“Data is the lifeblood of science,” says Jaclyn Taroni, PhD, data scientist at the Childhood Cancer Data Lab.
By: Trish Adkins
When you think of childhood cancer research, you may imagine samples in test tubes and microscopes or a drug being tested in a clinic. And while childhood cancer research certainly happens in a biochem lab and in a clinic, it also happens inside the Childhood Cancer Data Lab (CCDL). Funded by ALSF, the CCDL team is working to harness the power of big data and use it to cure childhood cancer.
So what is big data?
“Data is the lifeblood of science,” says Jaclyn Taroni, PhD, data scientist at the CCDL, “Data can better equip researchers to ask the really important scientific questions and to do so efficiently and robustly, as they work towards cures for childhood cancer.”
The team at the CCDL takes large volumes of childhood cancer research data which includes things like oncogenes and mutations as well as known therapeutic agents and drugs and places it in formats that are easily mineable, widely available and broadly re-useable. And then, data scientists like Dr. Taroni train researchers on how to use the database and data to accelerate cures—literally!
By using the data tool, refine.bio, created by the CCDL, oncology researchers no longer have to wait weeks for useable data.
We interviewed Dr. Taroni about her work with the CCDL:
ALSF: What is a data scientist, exactly?
JT: This really depends on who you ask! Data science is such a broad field, but it has been described as a combination of statistics knowledge, programming skills and domain expertise (biology in my case). I think it is more accurate to call me, personally, a computational biologist.
At the CCDL, I analyze biological data to better understand the processes that underlie diseases like pediatric cancer. I figure out what data processing pipelines we should use in our refine.bio project, I design and execute experiments, and I work with our User Experience Designer, Deepa, to understand how we can meet the needs of the childhood cancer research community.
ALSF: When you were 10 years old, what did you want to be when you grew up?
JT: I wanted to be a lawyer because I thought that was a profession that would allow me to essentially argue for a living. Presenting a carefully reasoned argument was something that was valued in my household growing up. Being a scientist doesn't diverge too, too far from that in my opinion. It's about collecting evidence, synthesizing information and presenting it to others.
ALSF: How did you choose data science?
JT: When I went to graduate school, I thought I was going to be an immunologist. It just so happened that I ended up doing my first research rotation in a computational lab and I enjoyed the work. I took the position at the CCDL because of our ambitious-but-important mission and because it allows me to make an impact through our projects and training efforts.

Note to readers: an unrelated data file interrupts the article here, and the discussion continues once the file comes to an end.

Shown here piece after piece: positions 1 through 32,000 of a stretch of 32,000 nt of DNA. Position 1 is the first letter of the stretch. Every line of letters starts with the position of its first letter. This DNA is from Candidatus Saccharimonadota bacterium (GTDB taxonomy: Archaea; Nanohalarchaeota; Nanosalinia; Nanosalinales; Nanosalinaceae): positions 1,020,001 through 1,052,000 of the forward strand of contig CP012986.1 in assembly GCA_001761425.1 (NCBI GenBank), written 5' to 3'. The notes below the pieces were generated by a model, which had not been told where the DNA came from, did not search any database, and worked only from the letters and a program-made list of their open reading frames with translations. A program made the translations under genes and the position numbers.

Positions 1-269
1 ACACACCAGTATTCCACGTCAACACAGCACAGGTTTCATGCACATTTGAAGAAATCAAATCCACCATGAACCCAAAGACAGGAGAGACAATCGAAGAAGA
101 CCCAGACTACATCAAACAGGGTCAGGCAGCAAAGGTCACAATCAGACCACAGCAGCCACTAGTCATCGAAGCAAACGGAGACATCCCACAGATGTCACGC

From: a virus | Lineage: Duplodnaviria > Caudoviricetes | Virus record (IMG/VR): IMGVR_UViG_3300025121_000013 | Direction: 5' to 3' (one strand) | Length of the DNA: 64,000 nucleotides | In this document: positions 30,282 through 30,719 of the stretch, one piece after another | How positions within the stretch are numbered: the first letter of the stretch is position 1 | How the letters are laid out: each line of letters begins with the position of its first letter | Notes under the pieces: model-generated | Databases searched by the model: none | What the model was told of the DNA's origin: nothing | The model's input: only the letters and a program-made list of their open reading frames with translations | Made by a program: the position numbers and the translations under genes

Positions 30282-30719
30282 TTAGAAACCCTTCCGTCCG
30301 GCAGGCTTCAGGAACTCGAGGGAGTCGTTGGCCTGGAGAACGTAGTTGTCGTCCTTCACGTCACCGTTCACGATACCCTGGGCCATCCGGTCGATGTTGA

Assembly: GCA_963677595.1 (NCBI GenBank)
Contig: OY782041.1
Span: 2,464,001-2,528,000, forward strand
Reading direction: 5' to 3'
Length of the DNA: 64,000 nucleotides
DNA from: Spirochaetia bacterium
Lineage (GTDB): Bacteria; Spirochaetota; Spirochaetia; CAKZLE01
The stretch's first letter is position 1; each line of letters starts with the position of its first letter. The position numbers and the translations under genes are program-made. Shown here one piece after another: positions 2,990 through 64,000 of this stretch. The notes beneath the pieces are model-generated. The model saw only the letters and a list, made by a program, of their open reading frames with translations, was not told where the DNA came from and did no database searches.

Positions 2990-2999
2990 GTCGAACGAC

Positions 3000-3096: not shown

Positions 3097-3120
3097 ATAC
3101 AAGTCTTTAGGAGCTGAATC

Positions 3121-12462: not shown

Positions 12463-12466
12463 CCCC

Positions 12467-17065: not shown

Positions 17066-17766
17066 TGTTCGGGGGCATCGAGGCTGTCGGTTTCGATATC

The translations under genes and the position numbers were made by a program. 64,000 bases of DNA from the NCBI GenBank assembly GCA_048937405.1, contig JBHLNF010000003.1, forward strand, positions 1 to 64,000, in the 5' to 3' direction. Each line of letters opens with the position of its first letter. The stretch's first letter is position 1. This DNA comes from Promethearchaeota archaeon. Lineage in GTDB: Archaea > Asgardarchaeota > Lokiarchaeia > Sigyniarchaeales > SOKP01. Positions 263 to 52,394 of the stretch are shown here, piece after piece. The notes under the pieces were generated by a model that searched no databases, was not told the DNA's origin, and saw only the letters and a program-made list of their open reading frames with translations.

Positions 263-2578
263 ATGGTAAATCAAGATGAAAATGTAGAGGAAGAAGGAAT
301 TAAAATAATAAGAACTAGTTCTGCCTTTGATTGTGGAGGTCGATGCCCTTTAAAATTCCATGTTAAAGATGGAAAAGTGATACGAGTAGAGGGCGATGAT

ALSF: What challenges have you faced in your career?
JT: I think it has been challenging for me to take up space at times. This has manifested itself in a number of different ways for me personally: it can be difficult to say no to things, ask for what I need, or to feel comfortable putting forth ideas. I think there is also some uncertainty and failure inherent to being a scientist and that has sometimes felt like the result of personal failure. Working through this has been a big part of my story and there is certainly still work to be done.
ALSF: If cancer was cured, what would you be doing?
JT: I've been told that I make pretty good coffee. We've established a protocol where I weigh out the coffee beans every time we make a pot of coffee at the CCDL. So perhaps I would be a barista, but I think it's more likely that I would be a computational biologist working in a different disease area.
Come back to the ALSF blog next week to discover more about the CCDL's landmark work and future plans in an interview with its director, Casey Greene, PhD.
Launched in August 2017, the CCDL is the first big data lab of its kind dedicated to childhood cancer. The goal of the CCDL is to translate publicly available disease data into one constant format so that all researchers can access and understand it. The CCDL launched refine.bio, a tool which is designed to collect all publicly available childhood cancer data in one convenient location. The team also trains researchers in how to access and use the data in refine.bio, breaking down barriers in the lab and giving researchers greater insights which can lead to more targeted treatments for children with cancer. Learn more about the CCDL here.